Prominent among the young men competing for her was the commander of the Alsatian cavalry regiment, Louis Charles Caesar Le Tellier, Marquis of Courtanvaux. The match would seem ideal, as he came from a wealthy family and was the grandson of the famous Louvois, Louis XIV’s Minister of War. However, the ambitions of Marie’s parents were greater – the aristocratic rank of the Marquis was far too low for a royal daughter. Their consent to the marriage was made conditional on Courtanvaux’s elevation to the rank of prince and peer, which eliminated his candidature. Other betrothals were in turn rejected by the other party on the grounds that Marie could not be provided with a suitable dowry. Consequently, the Leszczyńskis’ attempts to marry Marie to the Margrave of Baden came to nothing.

The issue of Marie’s marriage was travelling increasingly far, until it attracted the interest of Versailles. The Regent of France, Duke Philippe II of Orléans, ruling on behalf of the still young Louis XV, became personally involved. He decided that the honour of crowned heads did not allow for reducing the royal daughter to the rank of a mere private person. The interest from Versailles gave the Leszczyńskis the courage to search there for a candidate to marry her. Living an idyllic life in a small Alsatian town previously, they made the right contacts in the French capital, completely unaware that the tangle of court intrigues and great politics would bring them surprising news.

Marie Leszczyńska by Alexis Simon Belle, 1726

The dynastic ‘business of the century’

Easter Monday on 2 April 1725 was a turning point in the history of the Leszczyński family. Returning from a hunt, the exiled King of Poland received a long-awaited letter from Versailles. He broke the seal, opened the envelope, and began to read the message, expecting that, after a long struggle, supported by the leading plotter at the French court, the marriage of his daughter would finally be approved. Expectations were very high, as the candidate for her hand in marriage was Prince Louis Henri de Bourbon himself, great-grandson of the Great Condé, from a side branch of the royal family, but very wealthy as well. It did not bother anyone that, on the occasion of a dramatic financial crisis, the Prince had multiplied his fortune from the misery of others, nor did it matter that the chosen one, who was eleven years older than Marie, was ugly and, what is more, one-eyed and hunchbacked. After all, he was a dream match as a Bourbon.

Opening the envelope from the Prince that morning, Stanisław Leszczyński could only fear that the desired candidate would refuse. Accustomed to the vicissitudes of fortune, the King of Poland read the letter and gave in to his emotions: he fainted. The Duke of Bourbon did indeed refuse. He gave way to a more prominent contender for the hand of the Princess Marie.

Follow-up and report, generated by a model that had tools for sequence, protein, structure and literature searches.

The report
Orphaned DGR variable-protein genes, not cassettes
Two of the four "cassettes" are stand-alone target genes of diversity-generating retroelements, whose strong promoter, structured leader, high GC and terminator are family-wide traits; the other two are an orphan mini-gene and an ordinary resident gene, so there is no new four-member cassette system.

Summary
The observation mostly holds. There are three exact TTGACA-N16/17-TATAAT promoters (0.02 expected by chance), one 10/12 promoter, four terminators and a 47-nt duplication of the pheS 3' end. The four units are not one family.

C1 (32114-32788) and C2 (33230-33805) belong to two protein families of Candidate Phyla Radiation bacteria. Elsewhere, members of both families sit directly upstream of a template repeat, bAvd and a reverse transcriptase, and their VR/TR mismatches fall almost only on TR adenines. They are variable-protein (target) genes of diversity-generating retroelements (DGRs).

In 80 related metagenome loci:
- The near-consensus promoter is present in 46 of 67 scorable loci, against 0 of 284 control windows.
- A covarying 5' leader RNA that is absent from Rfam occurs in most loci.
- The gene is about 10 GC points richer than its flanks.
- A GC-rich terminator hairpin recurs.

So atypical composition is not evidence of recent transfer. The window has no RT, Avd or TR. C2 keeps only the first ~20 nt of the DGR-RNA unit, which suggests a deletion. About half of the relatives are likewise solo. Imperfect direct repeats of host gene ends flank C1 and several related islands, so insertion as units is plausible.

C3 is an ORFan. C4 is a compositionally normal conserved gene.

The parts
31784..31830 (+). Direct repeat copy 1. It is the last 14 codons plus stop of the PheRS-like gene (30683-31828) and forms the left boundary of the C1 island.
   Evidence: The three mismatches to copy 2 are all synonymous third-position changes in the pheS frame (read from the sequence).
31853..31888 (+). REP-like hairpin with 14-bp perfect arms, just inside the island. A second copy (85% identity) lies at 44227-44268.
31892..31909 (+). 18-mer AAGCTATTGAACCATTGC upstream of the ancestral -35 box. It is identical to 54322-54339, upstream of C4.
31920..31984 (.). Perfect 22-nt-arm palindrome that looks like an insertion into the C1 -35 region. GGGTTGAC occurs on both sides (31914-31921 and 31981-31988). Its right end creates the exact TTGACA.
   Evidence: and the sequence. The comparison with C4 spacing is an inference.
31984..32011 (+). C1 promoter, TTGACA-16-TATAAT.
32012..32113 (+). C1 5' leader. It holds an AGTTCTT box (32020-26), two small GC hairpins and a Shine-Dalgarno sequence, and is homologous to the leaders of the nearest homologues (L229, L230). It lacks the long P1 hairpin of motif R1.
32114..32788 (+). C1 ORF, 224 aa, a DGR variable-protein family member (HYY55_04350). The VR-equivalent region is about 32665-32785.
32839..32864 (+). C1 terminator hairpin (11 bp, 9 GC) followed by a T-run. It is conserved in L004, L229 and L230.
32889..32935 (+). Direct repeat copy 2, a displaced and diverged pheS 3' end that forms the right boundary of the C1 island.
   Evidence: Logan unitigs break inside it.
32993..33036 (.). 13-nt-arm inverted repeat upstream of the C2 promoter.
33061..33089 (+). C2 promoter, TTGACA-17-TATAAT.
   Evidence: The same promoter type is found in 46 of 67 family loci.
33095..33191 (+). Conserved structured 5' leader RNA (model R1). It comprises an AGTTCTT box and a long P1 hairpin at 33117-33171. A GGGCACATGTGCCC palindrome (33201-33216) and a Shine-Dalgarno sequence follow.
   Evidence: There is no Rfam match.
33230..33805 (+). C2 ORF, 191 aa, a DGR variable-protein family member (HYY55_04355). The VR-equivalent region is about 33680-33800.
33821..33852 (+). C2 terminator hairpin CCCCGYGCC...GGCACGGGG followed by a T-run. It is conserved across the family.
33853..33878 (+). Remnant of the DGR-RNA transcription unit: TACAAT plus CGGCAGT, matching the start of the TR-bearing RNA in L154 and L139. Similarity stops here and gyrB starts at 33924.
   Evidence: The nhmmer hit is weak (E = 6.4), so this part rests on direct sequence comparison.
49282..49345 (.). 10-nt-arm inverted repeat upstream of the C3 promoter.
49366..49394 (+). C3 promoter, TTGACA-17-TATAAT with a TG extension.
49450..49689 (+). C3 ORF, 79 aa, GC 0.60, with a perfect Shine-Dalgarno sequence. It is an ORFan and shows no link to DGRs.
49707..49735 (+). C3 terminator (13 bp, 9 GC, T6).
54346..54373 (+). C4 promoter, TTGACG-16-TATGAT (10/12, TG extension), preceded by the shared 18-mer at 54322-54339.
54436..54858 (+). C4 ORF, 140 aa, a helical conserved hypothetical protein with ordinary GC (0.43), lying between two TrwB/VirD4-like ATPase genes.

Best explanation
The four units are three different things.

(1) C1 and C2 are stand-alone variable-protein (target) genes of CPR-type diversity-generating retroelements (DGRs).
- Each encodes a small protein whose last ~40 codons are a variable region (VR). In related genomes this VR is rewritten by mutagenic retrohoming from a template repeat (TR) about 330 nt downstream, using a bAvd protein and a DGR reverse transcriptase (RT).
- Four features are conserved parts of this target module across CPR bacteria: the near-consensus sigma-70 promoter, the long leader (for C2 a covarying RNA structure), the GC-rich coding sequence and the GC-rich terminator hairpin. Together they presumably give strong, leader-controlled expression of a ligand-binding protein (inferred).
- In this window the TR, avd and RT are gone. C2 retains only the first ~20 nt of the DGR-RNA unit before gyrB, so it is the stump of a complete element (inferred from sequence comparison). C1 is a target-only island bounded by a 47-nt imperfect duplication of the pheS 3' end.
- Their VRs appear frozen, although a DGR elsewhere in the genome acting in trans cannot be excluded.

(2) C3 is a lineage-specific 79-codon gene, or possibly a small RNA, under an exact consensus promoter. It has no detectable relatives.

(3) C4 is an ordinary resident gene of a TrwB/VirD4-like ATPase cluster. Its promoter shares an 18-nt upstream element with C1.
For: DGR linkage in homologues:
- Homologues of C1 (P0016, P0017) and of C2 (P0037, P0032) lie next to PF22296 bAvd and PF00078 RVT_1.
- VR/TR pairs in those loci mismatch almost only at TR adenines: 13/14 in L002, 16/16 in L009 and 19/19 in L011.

Popular at the time, the story of King Leszczyński’s fainting has a no less colourful continuation. Having arrived at his modest residence, the King was to have entered the chamber where his wife and daughter were staying, and ordered them to fall to their knees and thank God for the abundance of His graces. Marie was then to ask if her father had finally been called to the throne of the Polish-Lithuanian Commonwealth, to which he was to reply that heaven had been even more gracious in making Marie Queen of France.

The news of the intended wife of Louis XV, the most brilliant catch in Europe, astonished contemporaries, who, seeing the disproportion in political and financial status, hailed the effect of the Leszczyńskis’ matrimonial endeavours as the ‘business of the century’. However, the influence of the Polish royal family on Louis XV’s decision was only indirect. Such a stunning finale was decided by national interest and skilful court intrigue.

King Stanisław Leszczyński by Antoine Pesne


Competition for the Queen of France

It so happened that a keen interest in the matter of the search for a husband for the Polish Princess, and the Leszczyńskis’ hopes for the Prince of Bourbon, was taken by the influential Madame de Prie, very familiar with court games. Naturally, she was the first plotter at Versailles, controlling everything that happened at court, but she was also… the mistress of the Prince who was about to marry Leszczyńska. The matter was delicate; in order for Marie to marry the Prince of Bourbon, she had to make a deal with his influential mistress.

The latter acted with her usual shrewdness. She entered into direct correspondence with her father Stanisław, in which she took a keen interest in Marie’s fate, deceiving the father about the great attraction that the Prince of Bourbon purportedly felt towards his daughter. She did not reject Stanisław’s efforts, nor did she intend to share her rich and influential lover with the poor but young and attractive Princess.

Leszczyński awaited the Prince’s decision in Wissembourg while at Versailles, Madame de Prie and her Bourbon lover, under her control, were scheming like a pair of clever matchmakers about how to take advantage of the great opportunity before them, in the shape of the royal daughter. Surely she would be able to show her gratitude if they married her well!